—the stock-board. When you left, three miles of the London, Canterbury and Dover were ready for the rails, and also ready and ripe for manipulation in the stock-market. It was wildcat, and everybody knew it. The stock was for sale at a give-away. What does Sir Launcelot do, but-"

"Yes, I know; he quietly picked up nearly all of it for a song; then he bought about twice as much more, deliverable upon call; and he was about to call when I left."

"Very well, he did call. The boys couldn't deliver. Oh, he had them-and he just settled his grip and squeezed them. They were laughing in their sleeves over their smartness in selling stock to him at 15 and 16 and along there that wasn't worth 10. Well, when they had laughed long enough on that side of their mouths, they rested-up that side by shifting the laugh to the other side. That was when they compromised with the Invincible at 283!"

"Good land!"

"He skinned them alive, and they deserved it-anyway, the whole kingdom rejoiced. Well, among the flayed were Sir Agravaine and Sir Mordred, nephews to the king. End of the first act. Act second, scene first, an apartment in Carlisle castle, where the court had gone for a few days' hunting. Persons present, the whole tribe of the king's nephews. Mordred and Agravaine propose to call the guileless Arthur's attention to Guenever and Sir Launcelot. Sir Gawaine, Sir Gareth, and Sir Gaheris will have nothing to do with it. A dispute ensues, with loud talk; in the midst of it enter the king. Mordred and Agravaine spring their devastating tale upon him. Tableau. A trap is laid for Launcelot, by the king's command, and Sir Launcelot walks into it. He made it sufficiently uncomfortable for the ambushed witnesses-to wit, Mordred, Agravaine, and twelve knights of lesser rank, for he killed every one of them but Mordred; but of course that couldn't straighten matters between Launcelot and the king, and didn't."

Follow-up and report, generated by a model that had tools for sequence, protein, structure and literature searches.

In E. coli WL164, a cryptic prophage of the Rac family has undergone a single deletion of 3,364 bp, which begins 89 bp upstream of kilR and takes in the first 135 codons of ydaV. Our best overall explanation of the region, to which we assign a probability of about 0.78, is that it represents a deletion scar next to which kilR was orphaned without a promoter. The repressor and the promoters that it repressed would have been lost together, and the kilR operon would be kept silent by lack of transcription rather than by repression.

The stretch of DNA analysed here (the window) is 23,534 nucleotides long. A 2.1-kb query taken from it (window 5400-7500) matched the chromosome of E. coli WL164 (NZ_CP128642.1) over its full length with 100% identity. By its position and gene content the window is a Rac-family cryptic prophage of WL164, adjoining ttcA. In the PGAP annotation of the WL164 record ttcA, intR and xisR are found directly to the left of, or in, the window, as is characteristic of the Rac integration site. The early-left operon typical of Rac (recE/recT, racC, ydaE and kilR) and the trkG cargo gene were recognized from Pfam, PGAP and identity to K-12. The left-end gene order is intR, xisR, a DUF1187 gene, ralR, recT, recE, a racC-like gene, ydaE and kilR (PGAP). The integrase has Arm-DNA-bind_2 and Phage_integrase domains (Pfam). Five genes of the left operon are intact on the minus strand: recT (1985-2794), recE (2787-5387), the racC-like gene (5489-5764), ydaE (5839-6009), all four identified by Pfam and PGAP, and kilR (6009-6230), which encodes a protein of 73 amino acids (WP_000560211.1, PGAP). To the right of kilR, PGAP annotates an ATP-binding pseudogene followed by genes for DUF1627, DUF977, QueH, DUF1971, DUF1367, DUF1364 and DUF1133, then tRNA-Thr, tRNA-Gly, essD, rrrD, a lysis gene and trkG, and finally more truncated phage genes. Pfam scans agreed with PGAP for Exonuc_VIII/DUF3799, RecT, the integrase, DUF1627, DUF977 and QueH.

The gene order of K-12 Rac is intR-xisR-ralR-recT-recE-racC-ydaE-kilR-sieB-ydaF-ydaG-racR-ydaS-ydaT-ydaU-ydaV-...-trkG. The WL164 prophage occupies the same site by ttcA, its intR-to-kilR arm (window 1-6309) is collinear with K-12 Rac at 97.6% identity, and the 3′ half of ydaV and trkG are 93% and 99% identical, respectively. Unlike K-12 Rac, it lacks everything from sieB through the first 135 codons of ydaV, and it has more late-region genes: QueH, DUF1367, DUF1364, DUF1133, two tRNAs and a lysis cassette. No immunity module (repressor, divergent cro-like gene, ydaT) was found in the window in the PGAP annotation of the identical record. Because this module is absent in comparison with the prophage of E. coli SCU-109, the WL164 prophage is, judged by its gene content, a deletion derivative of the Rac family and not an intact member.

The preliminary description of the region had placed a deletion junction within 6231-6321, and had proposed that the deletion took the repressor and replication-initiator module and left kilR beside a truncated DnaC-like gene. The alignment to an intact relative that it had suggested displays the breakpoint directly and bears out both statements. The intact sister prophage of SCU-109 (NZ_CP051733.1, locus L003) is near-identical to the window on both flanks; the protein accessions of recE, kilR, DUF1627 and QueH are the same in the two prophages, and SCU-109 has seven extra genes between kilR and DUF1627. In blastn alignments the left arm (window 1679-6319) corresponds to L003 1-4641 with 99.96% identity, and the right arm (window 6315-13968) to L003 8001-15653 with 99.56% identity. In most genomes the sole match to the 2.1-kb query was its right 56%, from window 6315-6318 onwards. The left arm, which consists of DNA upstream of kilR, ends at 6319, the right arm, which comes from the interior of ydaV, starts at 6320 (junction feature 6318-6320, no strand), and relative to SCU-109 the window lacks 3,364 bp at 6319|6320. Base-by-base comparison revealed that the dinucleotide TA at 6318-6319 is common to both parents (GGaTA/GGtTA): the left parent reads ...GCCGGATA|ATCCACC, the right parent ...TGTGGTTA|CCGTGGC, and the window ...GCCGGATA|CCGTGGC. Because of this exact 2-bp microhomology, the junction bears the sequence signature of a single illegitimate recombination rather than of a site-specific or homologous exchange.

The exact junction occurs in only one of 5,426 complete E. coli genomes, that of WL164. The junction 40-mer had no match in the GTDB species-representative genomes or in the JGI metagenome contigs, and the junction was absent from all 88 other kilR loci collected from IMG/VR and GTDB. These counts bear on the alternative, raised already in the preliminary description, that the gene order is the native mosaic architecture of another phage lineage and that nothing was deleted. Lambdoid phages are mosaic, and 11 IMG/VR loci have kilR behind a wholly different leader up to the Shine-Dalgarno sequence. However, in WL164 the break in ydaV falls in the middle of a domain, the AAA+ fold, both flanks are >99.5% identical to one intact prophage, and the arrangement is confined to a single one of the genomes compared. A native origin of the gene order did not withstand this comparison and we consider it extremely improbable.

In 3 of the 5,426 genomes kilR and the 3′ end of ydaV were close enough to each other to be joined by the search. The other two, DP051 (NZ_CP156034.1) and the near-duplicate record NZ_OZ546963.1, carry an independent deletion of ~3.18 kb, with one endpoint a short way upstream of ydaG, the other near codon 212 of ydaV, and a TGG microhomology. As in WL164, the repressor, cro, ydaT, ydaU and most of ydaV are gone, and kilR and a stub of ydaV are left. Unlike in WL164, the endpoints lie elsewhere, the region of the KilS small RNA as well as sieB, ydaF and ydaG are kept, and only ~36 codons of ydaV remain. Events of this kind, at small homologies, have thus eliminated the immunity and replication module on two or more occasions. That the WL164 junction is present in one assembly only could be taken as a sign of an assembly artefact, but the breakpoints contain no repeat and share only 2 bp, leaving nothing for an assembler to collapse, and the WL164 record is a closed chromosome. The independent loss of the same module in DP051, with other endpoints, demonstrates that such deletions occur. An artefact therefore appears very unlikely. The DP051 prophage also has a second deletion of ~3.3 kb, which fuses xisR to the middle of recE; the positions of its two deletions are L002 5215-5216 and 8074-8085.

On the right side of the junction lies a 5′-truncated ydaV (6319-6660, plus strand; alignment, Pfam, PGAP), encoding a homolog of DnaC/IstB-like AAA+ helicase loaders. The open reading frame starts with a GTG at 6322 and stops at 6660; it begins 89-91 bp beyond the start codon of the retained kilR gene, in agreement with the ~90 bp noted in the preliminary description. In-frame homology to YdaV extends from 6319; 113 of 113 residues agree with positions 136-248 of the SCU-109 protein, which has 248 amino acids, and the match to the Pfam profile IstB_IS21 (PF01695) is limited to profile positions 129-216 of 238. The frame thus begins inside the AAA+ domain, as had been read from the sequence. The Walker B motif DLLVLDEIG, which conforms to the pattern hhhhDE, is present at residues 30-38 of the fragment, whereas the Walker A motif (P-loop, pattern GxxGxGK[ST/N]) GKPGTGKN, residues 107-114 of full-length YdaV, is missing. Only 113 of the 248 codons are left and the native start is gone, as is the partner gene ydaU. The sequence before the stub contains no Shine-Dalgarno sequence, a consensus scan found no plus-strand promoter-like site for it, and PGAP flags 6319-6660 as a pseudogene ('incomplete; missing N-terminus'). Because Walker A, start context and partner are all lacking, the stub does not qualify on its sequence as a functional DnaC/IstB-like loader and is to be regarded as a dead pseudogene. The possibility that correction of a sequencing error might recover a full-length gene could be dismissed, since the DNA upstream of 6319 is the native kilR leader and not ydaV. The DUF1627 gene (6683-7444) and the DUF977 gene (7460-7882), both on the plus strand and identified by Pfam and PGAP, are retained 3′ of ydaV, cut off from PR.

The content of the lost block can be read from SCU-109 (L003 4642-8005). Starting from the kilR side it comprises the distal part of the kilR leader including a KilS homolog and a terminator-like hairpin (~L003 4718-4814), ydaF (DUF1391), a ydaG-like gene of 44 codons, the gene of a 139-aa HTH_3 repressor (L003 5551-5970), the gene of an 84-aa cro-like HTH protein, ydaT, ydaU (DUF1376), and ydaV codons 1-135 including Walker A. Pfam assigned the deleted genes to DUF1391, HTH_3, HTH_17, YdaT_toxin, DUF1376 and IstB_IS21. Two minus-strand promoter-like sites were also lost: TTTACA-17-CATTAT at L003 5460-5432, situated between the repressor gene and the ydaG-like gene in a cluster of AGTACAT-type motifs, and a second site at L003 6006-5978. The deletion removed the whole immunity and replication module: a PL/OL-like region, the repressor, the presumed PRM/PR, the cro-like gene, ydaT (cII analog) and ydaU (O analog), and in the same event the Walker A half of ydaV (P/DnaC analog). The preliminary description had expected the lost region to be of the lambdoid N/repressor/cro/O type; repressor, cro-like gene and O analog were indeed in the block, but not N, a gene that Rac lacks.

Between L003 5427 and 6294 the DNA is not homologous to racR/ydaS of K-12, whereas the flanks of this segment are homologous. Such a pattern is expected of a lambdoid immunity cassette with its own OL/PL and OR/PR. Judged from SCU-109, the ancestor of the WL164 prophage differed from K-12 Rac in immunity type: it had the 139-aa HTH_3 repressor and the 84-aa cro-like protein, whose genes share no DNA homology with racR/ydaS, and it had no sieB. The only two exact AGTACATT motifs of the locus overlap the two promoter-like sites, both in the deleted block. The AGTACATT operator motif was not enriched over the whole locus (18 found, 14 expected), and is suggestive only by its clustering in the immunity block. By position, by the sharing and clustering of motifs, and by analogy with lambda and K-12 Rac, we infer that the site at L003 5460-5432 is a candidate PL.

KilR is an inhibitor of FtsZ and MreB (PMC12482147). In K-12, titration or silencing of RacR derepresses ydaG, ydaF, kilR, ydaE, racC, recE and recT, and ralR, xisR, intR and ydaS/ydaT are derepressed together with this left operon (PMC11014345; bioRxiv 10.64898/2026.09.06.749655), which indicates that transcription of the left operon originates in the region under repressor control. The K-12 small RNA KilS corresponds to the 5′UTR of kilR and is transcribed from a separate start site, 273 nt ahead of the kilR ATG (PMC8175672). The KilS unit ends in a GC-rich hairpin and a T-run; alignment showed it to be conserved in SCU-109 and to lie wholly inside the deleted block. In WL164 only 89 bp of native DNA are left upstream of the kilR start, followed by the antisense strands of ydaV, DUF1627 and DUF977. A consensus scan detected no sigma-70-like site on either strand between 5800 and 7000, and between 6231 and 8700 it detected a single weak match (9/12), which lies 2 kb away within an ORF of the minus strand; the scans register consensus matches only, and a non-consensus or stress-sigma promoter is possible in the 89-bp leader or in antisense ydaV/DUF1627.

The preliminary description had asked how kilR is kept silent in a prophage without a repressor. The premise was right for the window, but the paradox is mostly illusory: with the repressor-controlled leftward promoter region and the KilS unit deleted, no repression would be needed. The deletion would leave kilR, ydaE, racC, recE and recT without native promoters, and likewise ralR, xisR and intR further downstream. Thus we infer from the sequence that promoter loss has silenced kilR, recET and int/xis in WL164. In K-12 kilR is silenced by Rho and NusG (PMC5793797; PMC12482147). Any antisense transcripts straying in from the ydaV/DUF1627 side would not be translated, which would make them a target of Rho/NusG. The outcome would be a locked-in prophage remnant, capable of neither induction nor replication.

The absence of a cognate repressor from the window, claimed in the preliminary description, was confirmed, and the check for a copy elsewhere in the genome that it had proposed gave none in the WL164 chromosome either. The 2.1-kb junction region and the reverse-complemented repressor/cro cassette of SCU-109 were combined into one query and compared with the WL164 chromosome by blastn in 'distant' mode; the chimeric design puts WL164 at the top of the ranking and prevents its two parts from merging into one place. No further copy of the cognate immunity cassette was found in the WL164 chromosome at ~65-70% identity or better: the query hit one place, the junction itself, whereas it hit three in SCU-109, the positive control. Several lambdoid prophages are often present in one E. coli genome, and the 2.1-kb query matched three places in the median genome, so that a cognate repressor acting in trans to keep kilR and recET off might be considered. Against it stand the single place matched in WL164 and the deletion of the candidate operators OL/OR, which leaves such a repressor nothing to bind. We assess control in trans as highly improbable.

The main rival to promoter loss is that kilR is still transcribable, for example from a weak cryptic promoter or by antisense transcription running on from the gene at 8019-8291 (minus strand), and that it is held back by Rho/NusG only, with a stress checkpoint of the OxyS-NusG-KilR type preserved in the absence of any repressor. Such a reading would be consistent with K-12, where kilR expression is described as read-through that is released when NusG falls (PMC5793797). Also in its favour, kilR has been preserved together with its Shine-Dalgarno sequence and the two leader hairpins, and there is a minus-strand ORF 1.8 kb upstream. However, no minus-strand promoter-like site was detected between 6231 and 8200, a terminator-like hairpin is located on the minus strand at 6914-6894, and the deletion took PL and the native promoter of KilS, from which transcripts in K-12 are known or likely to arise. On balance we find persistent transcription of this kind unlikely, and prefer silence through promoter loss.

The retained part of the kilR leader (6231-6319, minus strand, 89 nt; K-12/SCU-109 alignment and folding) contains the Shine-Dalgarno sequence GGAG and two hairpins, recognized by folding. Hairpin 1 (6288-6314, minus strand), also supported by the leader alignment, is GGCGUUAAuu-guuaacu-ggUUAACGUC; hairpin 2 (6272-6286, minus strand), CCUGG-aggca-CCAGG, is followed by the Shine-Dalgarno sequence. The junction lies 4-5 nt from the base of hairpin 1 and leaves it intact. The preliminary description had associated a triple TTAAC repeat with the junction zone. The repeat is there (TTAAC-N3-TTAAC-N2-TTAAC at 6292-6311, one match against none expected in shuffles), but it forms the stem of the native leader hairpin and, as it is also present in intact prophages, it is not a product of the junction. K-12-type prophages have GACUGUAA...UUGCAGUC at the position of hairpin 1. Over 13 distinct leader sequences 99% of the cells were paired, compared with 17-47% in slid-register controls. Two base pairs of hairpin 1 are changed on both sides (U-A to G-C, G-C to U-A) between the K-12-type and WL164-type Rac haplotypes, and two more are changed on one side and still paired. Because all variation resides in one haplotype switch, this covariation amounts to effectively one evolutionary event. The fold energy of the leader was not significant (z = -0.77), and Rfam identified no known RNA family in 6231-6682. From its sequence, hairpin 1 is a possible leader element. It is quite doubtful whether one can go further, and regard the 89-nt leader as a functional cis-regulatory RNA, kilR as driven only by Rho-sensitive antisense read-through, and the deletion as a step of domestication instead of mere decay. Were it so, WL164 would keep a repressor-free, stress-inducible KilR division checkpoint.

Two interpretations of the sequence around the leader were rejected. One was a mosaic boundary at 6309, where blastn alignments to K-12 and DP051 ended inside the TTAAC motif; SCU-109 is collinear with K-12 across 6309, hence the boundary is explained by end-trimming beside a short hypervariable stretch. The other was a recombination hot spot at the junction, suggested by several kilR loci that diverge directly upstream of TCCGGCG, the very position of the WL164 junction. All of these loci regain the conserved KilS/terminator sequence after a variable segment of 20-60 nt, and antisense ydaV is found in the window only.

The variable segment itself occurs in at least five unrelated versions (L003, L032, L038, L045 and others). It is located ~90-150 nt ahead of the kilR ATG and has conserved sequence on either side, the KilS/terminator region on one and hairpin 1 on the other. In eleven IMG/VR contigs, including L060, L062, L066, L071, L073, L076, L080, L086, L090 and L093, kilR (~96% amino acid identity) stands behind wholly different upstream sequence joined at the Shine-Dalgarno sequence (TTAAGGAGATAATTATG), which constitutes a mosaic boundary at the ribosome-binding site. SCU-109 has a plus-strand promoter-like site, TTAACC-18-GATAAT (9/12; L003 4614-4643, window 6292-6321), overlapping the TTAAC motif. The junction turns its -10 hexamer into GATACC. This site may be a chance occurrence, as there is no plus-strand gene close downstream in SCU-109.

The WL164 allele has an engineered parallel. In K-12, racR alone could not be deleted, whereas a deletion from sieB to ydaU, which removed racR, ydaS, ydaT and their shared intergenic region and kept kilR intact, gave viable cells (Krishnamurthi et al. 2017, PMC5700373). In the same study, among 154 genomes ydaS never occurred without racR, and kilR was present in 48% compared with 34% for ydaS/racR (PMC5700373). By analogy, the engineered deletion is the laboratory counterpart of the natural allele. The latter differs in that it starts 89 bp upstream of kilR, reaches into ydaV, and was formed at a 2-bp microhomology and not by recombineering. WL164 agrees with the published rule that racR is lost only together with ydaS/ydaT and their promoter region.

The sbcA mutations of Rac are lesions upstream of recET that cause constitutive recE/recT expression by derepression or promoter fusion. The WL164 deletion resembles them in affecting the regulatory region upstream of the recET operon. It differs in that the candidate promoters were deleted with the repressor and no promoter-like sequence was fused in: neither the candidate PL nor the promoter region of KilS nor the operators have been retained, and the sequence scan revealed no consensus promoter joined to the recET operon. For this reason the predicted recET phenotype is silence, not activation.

"Oh, dear, only one thing could result-I see that. War, and the knights of the realm divided into a king's party and a Sir Launcelot's party."

"Yes-that was the way of it. The king sent the queen to the stake, proposing to purify her with fire. Launcelot and his knights rescued her, and in doing it slew certain good old friends of yours and mine-in fact, some of the best we ever had; to wit, Sir Belias le Orgulous, Sir Segwarides, Sir Griflet le Fils de Dieu, Sir Brandiles, Sir Aglovale-"

"Oh, you tear out my heartstrings."